And, therefore, I say, if we glory in that faith, if we glory in the history of their national conduct and of their national love, oh, my friends and fellow-countrymen, I say it, as well as a priest as an Irishman, let us emulate their example; let us learn to be generous to those who differ from us, and let us learn to be charitable, even to those who would fain injure us. We can thus conquer them. We can thus assure to the future of Ireland the blessings that have been denied to her past, the blessing of religious equality, the blessing of religious liberty, the blessing of religious unity, which, one day or other, will spring up in Ireland again. I have often heard words of bitterness, aye, and of insult, addressed to myself in the North of Ireland, coming from Orange lips; but I have always said to myself, He is an Irishman; though he is an Orangeman, he is an Irishman. If he lives long enough, he will learn to love the priest that represents Ireland’s old faith; but, if he die in his Orange dispositions, his son or his grandson will yet shake hands with and bless the priest, when he and I are both in our graves. And why do I say this? Because nothing bad, nothing uncharitable, nothing harsh or venomous ever yet lasted long upon the green soil of Ireland. If you throw a poisonous snake into the grass of Ireland, he will be sweetened, so as to lose his poison, or else he will die. Even the English people, when they landed, were not two hundred and fifty years in the land, until they were part of it; the very Normans who invaded us became “more Irish than the Irish themselves.” They became so fond of the country, that they were thoroughly imbued with its spirit. And so, any evil that we have in Ireland, is only a temporary and a passing evil, if we are only faithful to our traditions, and to the history of our country. Today there is religious disunion; but, thanks be to God, I have lived to see religious, disabilities destroyed. And, if I were now in the position of addressing Irish Orangemen, I would say, “Men of Erin, three cheers for the Church disestablishment! “And if they should ask me, “Why? “I would answer, “It was right and proper to disestablish the Church, because the Established Church was put in between you and me, and we ought to love each other, for we are both Irish!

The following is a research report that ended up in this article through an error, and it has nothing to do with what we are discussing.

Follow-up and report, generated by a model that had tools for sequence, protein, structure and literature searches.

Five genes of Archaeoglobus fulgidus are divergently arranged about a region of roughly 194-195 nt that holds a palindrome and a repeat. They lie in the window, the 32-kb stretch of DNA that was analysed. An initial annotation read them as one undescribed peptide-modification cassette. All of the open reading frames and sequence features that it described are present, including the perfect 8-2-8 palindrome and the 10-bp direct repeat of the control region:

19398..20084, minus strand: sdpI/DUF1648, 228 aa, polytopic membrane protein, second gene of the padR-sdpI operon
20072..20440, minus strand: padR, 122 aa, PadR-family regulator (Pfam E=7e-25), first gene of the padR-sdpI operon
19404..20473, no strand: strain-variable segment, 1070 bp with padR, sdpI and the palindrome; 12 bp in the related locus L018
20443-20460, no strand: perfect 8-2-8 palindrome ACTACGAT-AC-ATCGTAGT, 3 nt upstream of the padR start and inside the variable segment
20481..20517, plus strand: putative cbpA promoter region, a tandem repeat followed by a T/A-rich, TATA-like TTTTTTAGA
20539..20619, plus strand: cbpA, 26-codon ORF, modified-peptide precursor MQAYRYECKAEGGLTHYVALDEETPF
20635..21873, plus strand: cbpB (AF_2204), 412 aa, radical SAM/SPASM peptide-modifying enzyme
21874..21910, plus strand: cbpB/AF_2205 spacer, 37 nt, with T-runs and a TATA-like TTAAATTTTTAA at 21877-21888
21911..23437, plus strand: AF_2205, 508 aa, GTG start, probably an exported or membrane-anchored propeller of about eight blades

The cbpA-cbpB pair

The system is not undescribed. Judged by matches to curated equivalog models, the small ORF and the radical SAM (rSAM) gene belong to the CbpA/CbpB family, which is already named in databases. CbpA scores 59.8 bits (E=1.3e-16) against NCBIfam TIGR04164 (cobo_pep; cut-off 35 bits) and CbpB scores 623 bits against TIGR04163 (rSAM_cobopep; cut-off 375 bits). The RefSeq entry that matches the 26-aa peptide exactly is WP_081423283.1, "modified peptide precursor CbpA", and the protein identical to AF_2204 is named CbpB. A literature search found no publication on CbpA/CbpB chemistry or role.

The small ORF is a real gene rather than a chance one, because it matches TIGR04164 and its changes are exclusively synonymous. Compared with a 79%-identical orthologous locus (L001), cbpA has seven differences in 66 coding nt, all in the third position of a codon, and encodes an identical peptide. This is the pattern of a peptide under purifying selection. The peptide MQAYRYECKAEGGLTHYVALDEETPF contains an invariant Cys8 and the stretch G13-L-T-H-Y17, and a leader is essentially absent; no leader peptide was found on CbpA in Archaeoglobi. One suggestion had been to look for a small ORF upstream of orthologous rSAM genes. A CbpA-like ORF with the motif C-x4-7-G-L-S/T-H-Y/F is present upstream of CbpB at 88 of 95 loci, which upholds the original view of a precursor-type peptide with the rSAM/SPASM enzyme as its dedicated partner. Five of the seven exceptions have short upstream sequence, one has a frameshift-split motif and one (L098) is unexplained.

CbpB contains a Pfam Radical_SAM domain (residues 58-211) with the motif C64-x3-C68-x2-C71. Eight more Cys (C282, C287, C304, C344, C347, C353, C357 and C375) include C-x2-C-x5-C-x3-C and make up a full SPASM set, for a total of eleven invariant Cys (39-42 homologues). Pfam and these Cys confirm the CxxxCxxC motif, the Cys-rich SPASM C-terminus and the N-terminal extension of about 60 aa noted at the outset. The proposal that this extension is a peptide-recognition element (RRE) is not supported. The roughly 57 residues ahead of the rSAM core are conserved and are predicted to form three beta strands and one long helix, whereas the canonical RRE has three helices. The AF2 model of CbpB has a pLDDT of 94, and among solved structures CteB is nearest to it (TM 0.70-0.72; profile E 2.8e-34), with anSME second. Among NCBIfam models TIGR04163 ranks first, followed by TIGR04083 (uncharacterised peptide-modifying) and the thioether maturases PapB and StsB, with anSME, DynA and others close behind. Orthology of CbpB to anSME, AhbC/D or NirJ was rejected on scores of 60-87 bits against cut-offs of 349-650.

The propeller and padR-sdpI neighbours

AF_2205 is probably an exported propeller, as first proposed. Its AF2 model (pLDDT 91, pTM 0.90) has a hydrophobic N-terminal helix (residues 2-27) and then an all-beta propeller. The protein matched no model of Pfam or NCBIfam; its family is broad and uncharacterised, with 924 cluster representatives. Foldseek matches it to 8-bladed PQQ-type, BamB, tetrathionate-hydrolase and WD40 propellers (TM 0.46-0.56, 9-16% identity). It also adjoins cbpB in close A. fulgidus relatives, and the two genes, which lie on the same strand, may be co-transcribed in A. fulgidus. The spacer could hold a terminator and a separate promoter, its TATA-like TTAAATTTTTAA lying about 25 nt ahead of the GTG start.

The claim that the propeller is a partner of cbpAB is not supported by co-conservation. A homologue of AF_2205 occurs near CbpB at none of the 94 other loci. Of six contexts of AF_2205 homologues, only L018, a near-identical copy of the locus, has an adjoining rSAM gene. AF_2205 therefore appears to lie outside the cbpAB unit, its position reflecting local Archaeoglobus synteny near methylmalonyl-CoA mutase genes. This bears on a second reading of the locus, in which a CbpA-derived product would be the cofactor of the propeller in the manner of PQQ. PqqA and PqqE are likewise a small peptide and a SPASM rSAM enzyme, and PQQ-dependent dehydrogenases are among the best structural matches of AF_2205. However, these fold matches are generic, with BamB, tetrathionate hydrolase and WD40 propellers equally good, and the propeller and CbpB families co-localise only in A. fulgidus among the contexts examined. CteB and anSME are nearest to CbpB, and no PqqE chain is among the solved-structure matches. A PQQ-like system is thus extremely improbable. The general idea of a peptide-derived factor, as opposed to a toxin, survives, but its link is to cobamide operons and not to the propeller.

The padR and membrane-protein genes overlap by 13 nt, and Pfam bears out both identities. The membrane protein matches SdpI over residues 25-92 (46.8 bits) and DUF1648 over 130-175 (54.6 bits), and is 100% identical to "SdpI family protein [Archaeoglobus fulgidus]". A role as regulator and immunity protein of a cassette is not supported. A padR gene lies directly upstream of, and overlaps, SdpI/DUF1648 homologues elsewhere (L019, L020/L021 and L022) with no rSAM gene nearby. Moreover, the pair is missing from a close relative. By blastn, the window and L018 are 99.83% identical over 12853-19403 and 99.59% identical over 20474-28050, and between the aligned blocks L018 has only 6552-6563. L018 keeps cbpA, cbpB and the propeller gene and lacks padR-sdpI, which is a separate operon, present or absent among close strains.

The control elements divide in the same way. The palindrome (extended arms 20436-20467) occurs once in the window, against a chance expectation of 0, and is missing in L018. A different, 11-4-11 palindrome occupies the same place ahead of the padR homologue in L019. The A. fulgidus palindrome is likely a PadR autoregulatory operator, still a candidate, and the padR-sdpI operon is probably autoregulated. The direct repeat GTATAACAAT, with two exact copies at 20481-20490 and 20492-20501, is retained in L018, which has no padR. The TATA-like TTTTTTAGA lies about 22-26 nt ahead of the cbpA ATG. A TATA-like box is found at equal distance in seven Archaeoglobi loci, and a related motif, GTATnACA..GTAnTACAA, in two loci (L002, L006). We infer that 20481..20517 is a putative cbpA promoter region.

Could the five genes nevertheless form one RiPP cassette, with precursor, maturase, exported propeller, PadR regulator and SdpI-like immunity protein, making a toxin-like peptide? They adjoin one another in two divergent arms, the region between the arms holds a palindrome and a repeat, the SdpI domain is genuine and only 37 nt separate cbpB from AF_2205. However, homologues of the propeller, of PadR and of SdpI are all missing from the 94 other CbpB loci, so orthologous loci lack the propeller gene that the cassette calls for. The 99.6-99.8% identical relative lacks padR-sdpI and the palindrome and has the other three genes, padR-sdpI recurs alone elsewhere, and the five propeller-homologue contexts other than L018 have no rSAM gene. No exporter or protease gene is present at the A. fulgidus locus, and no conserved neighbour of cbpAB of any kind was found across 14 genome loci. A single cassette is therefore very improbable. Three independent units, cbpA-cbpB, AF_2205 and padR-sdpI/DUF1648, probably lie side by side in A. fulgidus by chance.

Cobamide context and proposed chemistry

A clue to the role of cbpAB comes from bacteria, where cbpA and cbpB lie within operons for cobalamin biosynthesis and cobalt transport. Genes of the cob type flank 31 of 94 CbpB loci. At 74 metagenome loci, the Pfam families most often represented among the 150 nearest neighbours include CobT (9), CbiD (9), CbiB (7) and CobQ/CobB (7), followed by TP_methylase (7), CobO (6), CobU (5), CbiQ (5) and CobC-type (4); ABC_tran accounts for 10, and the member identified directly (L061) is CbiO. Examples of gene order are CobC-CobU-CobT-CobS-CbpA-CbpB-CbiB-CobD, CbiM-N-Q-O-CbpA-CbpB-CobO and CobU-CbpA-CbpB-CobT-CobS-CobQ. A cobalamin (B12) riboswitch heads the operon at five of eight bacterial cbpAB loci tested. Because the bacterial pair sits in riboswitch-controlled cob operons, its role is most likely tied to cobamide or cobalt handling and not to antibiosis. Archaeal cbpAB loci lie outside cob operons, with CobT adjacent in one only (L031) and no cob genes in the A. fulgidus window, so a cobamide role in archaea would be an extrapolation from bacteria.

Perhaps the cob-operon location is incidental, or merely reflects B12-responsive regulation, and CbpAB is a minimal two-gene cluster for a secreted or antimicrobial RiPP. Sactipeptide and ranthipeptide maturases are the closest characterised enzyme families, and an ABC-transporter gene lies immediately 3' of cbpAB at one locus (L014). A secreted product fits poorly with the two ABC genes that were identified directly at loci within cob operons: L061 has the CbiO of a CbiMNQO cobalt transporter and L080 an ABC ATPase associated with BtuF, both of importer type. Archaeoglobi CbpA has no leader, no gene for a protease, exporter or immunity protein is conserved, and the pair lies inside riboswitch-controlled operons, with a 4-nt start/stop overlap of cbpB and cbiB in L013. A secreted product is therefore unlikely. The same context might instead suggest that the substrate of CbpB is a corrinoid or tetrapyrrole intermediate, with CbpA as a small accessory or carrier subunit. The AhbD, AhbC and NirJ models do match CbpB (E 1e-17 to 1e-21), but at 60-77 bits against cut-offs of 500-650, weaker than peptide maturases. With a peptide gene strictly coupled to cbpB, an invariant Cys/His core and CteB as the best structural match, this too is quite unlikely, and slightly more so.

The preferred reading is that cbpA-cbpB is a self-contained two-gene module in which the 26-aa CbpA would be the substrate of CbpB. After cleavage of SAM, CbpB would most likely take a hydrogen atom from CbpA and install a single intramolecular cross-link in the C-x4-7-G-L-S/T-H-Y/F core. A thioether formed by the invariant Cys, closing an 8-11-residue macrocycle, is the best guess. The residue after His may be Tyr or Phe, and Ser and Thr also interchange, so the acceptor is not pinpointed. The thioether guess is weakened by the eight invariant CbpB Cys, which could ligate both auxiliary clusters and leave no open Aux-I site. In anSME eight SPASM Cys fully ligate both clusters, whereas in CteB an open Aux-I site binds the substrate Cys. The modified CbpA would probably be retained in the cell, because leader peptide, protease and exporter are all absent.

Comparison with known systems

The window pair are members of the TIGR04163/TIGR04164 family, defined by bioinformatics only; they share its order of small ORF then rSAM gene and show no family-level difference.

Every class in Ireland will be drawn closer to the other by this disestablishment; and the honest Protestant man will begin to know a little more of his Catholic brother, and to admire him; and the Catholic will begin to know a little more of the Orangeman, and, perhaps, to say, “After all, he is not half so bad as he appears.” And believe me, my friends, that, breathing the air of Ireland, which is Catholic, eating the bread made out of the wheat which grows out on Irish soil, they get so infused with Catholic blood, that as soon as the Orangeman begins to have the slightest regard or love for his Catholic fellow-countryman, he is on the highway to become a Catholic, for a Catholic he will be, some time or other. As a man said to me very emphatically once: They will all be Catholics one day, surely, sir, if they only stay long enough in the country!
I say, my friends, that the past is the best guarantee for the future. We have seen the past in /some of its glories. What is the future to be? What is the future that is yet to dawn on this dearly-loved land of ours? Oh, how glorious will that future be, when all Irishmen shall be united in one common faith and one common love! Oh, how fair will our beloved Erin be, when, clothed in religious unity, religious equality and freedom, she shall rise out of the ocean wave, as fair, as lovely, in the end of time, as she was in the glorious ‘days when the world, entranced by her beauty, proclaimed her to be the mother of saints and sages. Yes, I see her rising emancipated; no trace of blood or persecution on her virgin face; the crown, so long lost to her, resting again upon her fair brow! I see her in peace and concord with all the nations around her, and with her own children within her. I see her venerated by the nations afar off, and, most of all, by the mighty nation which, in that day, in its strength, and in its youth, and in its vigour, shall sway the destinies of the world. I see her as Columbia salutes her across the ocean waves. But the light of freedom coming from around my mother’s face will reflect the light of freedom coming from the face of that nation which has been nursed in freedom, cradled in freedom, and which has never violated the sacred principles of religious freedom and religious equality. I see her with the light of faith shining upon her face; and I see her revered, beloved, and cherished by the nations, as an ancient and a most precious thing! I behold her rising in the energy of a second birth, when nations that have held their heads high are humbled in the dust! And so I hail you, O, mother Erin! And I say to you,